Jackman Park in the Steens

This is our campsite at the Jackman Park campground. You can click the photo to enlarge.

The Steens loop road is one hour south of Burns, Oregon on SR 205. Turn east at the little town of Frenchglen, Oregon onto the loop road. There is some cell reception around but you may have to hike for it. The stunning views at the summit will become a part of your unforgetable memory. Be sure to take warm clothes to the summit, it can be windy and very cold.

The GPS coordinates for Jackman Park are:

42 43.148N; -118 37.424W

Friday, July 17, 2009: Leslie Gulch is in far eastern Oregon off State Route 95. It is a geologic wonderland. You'll be driving 25 miles of gravel road to reach the free campground at Slocum Creek within Leslie Gulch. The campsite has a covered table, fire pit and is relatively level. There is a clean vault toilet plus garbage cans in the campground. No water. A boat ramp into Owyhee Lake is only 1/2 mile from the campground. There is no cell reception here. From SR 95 turn west on McBride Creek Road and follow the signs 25 miles. The geologic formations are worth the drive. Click the photo to enlarge.

The GPS coordinates for Slocum Creek Campground are: 43 19.261N, -117 19.141W

Slocum Creek Campground
Caution sign Friday, July 24, 2009: Driving from Baker City, Oregon east on State Route 86 takes you to the Oregon/Idaho border and access to Hells Canyon. Along the west side of the canyon (Oregon) is a tiny town of Oxbow, Oregon with a small, well kept RV park called Copperfield Campground. You can stay here for $16/night and get water, power, table, fire pit, clean bathrooms with showers and an RV dump station. Or you can continue driving down the gravel road on the west side toward the ghost town of Homestead (4 miles from Oxbow).
There are many boondock sites along this road with a parking limit of 14 days. About a mile past Homestead, you'll see the sign above but I have discovered the road to be good and Copper Creek campground is at the end of the road with a huge area to turn around so not sure what the warning is about except to keep the traffic light on the road. Copper Creek is free camping with no services except vault toilets. The campsite to the right is at Copper Creek with a small beach on the Hells Canyon Reservoir. There is not cell reception in this canyon. I would recommend parking at one of the locations before Homestead but don't let the sign above keep you from continuing down the road. GPS: 45 3.1N, -116 48.676W Copper Creek Campground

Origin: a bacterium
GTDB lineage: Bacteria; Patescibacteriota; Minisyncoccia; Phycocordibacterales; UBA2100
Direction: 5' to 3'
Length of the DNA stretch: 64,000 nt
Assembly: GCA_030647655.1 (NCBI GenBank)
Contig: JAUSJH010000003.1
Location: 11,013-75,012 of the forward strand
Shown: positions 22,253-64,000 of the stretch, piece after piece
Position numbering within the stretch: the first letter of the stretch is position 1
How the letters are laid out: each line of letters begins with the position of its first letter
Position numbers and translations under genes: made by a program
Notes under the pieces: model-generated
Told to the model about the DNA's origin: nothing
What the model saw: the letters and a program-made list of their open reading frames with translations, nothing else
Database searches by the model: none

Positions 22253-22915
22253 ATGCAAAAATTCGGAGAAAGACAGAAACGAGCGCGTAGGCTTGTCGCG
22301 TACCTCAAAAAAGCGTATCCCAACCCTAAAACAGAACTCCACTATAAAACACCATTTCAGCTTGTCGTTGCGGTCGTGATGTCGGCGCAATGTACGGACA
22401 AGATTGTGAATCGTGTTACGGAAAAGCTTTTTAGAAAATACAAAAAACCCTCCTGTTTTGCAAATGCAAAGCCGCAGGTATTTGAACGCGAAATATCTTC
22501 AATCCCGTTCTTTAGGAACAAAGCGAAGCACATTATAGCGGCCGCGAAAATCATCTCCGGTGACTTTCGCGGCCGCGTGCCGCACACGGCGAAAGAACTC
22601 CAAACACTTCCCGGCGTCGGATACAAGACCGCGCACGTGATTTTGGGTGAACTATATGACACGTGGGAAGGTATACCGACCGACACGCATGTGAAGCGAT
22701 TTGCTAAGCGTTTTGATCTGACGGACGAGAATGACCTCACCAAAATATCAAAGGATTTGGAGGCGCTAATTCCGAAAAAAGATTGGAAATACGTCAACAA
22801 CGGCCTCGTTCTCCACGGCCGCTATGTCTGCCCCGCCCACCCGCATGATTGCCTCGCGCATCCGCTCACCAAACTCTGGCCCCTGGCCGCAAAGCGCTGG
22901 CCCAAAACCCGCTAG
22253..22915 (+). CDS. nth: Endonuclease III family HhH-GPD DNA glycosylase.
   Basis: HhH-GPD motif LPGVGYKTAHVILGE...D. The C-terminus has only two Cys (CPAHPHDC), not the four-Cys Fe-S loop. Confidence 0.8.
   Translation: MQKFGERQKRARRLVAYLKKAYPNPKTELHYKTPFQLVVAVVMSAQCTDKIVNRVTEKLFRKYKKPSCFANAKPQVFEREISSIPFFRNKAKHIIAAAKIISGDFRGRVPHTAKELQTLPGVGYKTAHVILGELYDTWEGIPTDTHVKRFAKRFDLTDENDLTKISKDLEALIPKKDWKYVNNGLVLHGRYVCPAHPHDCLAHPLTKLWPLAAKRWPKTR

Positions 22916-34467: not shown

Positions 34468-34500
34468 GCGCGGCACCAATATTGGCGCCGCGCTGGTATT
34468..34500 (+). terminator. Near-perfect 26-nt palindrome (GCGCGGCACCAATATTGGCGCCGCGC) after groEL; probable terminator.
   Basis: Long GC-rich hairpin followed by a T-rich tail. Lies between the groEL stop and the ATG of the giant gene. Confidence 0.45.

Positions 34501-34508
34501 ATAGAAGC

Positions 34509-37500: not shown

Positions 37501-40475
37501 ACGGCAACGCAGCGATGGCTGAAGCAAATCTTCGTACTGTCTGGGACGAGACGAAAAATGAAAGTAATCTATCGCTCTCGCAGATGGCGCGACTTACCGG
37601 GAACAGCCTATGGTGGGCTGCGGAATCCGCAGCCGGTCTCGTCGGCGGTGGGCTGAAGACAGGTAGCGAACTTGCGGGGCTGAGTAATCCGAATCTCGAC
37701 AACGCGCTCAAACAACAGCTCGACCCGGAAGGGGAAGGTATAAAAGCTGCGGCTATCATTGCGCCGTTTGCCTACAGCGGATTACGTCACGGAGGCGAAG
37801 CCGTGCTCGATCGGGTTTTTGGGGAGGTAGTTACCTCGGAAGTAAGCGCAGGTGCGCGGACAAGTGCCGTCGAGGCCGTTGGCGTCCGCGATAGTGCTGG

Excellent camping on Hells Canyon Reservoir Thursday, August 6, 2009: Along the west shore of Hells Canyon is a ghost town of Homestead, Oregon. This is the location of a copper mine many years ago. Along the gravel road which goes to the ghost town there are many places to boondock. We found the very best location because of the privacy and ability to park only a few feet from the edge of the water. The
nearest fresh water and dump station is two miles at the Copperfield campground. The nearest garbage is across from the boat ramp, 1.5 miles. This location is at the 2 mile marker on the Homestead road. Access is by turning north onto the Homestead road from Highway 86 about 17 miles from Halfway, Oregon. You will pass by the Oxbow, Oregon post office as you turn north onto the Homestead Road. There is no cell service in this area. GPS: 45 00.009N; -116 50.862W
Sunday August 9, 2009: John Day is a great eastern Oregon town to spend a week. For boondocking, you can camp in the field next to the Grant County Fairground for $5/night (although we were charged considerably less for a week). You can click the photo to enlarge, see if you can find us in the field. You will be within walking distance of downtown John Day with its restaurants, museums, grocery store and two hardware stores. Grant County has John Day, Oregon, can you find us?
one traffic signal in the whole county, you'll see it in the center of the photo. You'll want to see Stephanie in the fairground office to give her $5 for the night. Fresh water, garbage and a dump station is at the opposite side of the fairground from the field. You are allowed to use the new restrooms and showers located in the center of the fairground. Cell reception is excellent. The main street of John Day is State Route 26, 3rd Ave intersects main street at the east side and west side. Turn onto 3rd Ave. and you will find "the field". It is located across 3rd Ave. from the far east end of the fairground. The John Day river is just across 3rd Ave. from our parked location. It's in the line of trees against the road. The Bob Miles Memorial Trail is in the trees parallel to the river for a nice hike in the cool trees and a swim for Morgan. GPS: 44 25.061N; -118 56.906W